And dozens flock around your door 
Who in all points but one excel me. 

You smile on them, on me you frown. 
They worship for the wage you pay ; 

I lay life, love, and honour down 
For you to walk on every day. 

I am the only one who sees 

That though such gifts can never move 
A meagre price are gifts like these 

For life's high privilege — ^to love you. 

I am the one among your train 
Who sees that loving you is worth 

A thousand times the certain gain 
Of aU the heaped-up joys of earth. 

MUSK 71 

And you, who know as well as I, 

What your glass tells you every morning — 
A kindred soul you should descry, 

Dilute with sympathy your scorning. 

At least you should approve the intense 
Love that gives all for you to waste ; 

Your other lovers have more sense. 
Admit that I have better taste. 


( Who asked a Song in Spring) 

Why do you bid your poet sing, 

Who has no mind to song — 
Who only wants to see the Spring, 

Long sought and tarrying long ? 
The shivering, dreary winter through 

My song enshrined my vow ; 
If then my songs were sweet to you, 

Let me be silent now ! 

Have I not duly sung, my dear, 

Your goodness and your grace ? 
Now that your rival. Spring, is here, 

O let me see her face ! 
The hedge is white with buds of May, 

The fields are green with Spring, 
Oh, give your bard a holiday : 

He does not want to sing ! 

MUSK 73 

He wants to listen ; all alone, 

He wants to steal away 
To hear the ring-doves' tender tone, 

And what the thrushes say. 
He wants to hear what can't be heard 

When you and love are near — 
The sweet Spring's soft and secret word ; 

Oh, let him go, my dear ! 



Like crimson lamps the tulips swing, 
The Uly flowers their incense bring, 
The daisies votive garlands fling 
Before the altar of the Spring. 

And you and I in this green May, 
When thrushes sing, and white lambs play. 
Go glad at heart — so glad and gay, 
No word seems good enough to say. 

Yet there's a charm, it would appear. 
Which, if I spoke it in your ear, 
Would fix the spring for ^er here ; 
Pass on — I will not speak it, dear. 

MUSK 75 


Not now, •when skies are gold and blue 
And you have me and I have you, 
When there are roses all the way, 
And April days and nights of May, 
And life is joy the whole day long — 
Not now can passion flower in song. 

But in. the dark days by-and-by. 
When, deep divided, you and I,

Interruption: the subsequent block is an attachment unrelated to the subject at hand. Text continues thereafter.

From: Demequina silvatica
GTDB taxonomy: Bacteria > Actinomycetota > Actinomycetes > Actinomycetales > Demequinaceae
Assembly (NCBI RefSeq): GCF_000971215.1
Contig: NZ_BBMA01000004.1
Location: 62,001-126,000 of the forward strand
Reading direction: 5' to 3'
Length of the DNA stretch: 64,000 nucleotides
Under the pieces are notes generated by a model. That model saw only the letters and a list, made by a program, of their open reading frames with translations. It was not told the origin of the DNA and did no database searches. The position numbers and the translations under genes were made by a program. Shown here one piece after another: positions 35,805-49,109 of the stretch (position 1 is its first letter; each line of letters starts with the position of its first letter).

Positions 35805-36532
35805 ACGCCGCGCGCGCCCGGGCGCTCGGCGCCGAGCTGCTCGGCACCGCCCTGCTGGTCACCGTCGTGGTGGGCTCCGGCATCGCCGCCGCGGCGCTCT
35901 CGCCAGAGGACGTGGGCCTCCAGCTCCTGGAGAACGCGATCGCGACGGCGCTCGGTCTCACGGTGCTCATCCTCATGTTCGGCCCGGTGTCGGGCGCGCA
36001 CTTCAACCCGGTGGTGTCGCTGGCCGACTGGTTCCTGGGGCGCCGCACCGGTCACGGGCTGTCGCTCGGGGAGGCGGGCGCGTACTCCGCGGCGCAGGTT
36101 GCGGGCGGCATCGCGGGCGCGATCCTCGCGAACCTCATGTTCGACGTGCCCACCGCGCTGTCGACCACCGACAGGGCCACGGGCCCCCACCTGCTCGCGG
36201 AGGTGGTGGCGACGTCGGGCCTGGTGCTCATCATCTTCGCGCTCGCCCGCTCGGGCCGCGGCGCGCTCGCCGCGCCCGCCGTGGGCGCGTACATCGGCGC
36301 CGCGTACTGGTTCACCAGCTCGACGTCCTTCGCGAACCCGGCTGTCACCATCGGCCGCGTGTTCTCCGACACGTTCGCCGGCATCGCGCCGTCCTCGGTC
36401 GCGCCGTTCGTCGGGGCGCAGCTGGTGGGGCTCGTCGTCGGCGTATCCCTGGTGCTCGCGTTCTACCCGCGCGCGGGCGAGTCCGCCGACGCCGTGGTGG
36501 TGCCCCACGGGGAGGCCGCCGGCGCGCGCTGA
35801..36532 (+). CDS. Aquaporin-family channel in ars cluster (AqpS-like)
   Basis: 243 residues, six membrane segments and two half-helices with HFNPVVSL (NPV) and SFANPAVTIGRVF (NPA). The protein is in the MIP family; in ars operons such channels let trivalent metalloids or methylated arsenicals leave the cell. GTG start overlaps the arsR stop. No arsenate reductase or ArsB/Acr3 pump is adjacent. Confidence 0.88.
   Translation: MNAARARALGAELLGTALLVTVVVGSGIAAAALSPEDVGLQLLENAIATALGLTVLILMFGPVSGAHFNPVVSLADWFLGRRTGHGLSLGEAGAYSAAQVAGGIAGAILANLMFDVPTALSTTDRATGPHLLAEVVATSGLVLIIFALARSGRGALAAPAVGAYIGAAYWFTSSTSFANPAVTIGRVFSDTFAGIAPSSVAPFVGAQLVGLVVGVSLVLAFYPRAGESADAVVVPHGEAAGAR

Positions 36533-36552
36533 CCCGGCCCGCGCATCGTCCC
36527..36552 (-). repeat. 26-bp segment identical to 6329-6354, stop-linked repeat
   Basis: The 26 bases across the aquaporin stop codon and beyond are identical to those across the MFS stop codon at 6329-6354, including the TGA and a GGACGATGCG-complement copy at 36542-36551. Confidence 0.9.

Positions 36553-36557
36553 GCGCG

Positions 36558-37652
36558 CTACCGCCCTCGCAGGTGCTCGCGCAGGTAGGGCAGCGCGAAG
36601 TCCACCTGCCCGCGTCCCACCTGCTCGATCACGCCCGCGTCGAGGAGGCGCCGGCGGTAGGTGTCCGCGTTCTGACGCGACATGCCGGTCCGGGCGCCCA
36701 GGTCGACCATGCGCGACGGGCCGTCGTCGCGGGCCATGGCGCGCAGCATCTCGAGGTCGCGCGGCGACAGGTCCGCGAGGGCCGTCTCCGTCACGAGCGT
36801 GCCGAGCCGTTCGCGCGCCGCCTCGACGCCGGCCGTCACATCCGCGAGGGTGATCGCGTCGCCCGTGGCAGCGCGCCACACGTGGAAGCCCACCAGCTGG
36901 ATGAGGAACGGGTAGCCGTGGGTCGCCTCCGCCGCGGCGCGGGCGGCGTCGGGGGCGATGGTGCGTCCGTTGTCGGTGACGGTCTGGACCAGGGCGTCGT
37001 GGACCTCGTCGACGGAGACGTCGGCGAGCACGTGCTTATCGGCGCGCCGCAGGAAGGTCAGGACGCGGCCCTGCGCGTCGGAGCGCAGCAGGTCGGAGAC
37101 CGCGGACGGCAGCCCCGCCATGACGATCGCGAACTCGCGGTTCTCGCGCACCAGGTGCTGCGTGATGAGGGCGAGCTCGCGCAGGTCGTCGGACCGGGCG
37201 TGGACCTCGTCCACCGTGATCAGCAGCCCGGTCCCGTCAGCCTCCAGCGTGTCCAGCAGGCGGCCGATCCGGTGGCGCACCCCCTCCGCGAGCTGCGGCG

Shivering among the rose-thorns bare. 
At last confess what fools we were ; 
Then, neatly wired, a nosegay fine 
Shall deck your heart — O heart of mine ! 



All winter through 1 sat alone, 

Doors barred and  windows shuttered fast, 
And listened to the wind's faint moan. 

And ghostly mutterings of the past ; 
And in the pauses of the rain, 

'Mid whispers of dead sorrow and sin. 
Love tapped upon the window pane : 

I had no heart to let him in. 

But now, with spring, my doors stand wide ; 

My windows let delight creep through ; 
I hear the skylark sing outside ; 

I see the crocus, golden new. 
The pigeons on my wiadow-sUl, 

Winging and wooing, flirt and flout, — 
Now Love must enter if he will, 

I have no heart to keep him out. 



My window, framed in pear-tree bloom, 
White-curtained shone, and softly lighted : 

So, by the pear-tree, to my room 
YoTir ghost last night climbed uninvited. 

Your solid self, long leagues away. 
Deep in duU books, had hardly missed me ; 

And yet you found this Romeo's way, 
And through the blossom climbed and kissed 

I watched the stUl and dewy lawn, 

The pear-tree boughs hung white above you ; 
I listened to you till the dawn, 

And half forgot I did not love you. 

Oh, dear ! what pretty things you said, 
What pearls of song you threaded for me ! 

I did not — till your ghost had fled — 
Remember how you always bore me ! 



The Sun tells to Trafalgar Square 

His old and radiant story, 
And touches in the young spring air 

The pepper-pots to glory. 

Spring's robe down Piccadilly floats, 
The parks glow with her treasure, 

And button-holes of morning coats 
Rhyme with her royal pleasure. 

Now persons beautifully dressed 
In Bond-street shop and saunter. 

And town — ^by Spring's soft breath caressed- 
Would as its mistress vaunt her. 

But far away from square and street. 
Where willows shine and shiver, 

The splendour of her silver feet 
Is on the wood and river. 

She laughs among the tree-roots brown, 

Among the dewy clover. 
For Spring coquets but with the town ; 

The country is her lover. 



We wandered down the meadow way — 
The path beside the hedge is shady, — 

YoTi did not see the sUver may, 
You talked of Art, my sweet blind Lady. 

You talked of values and of tone,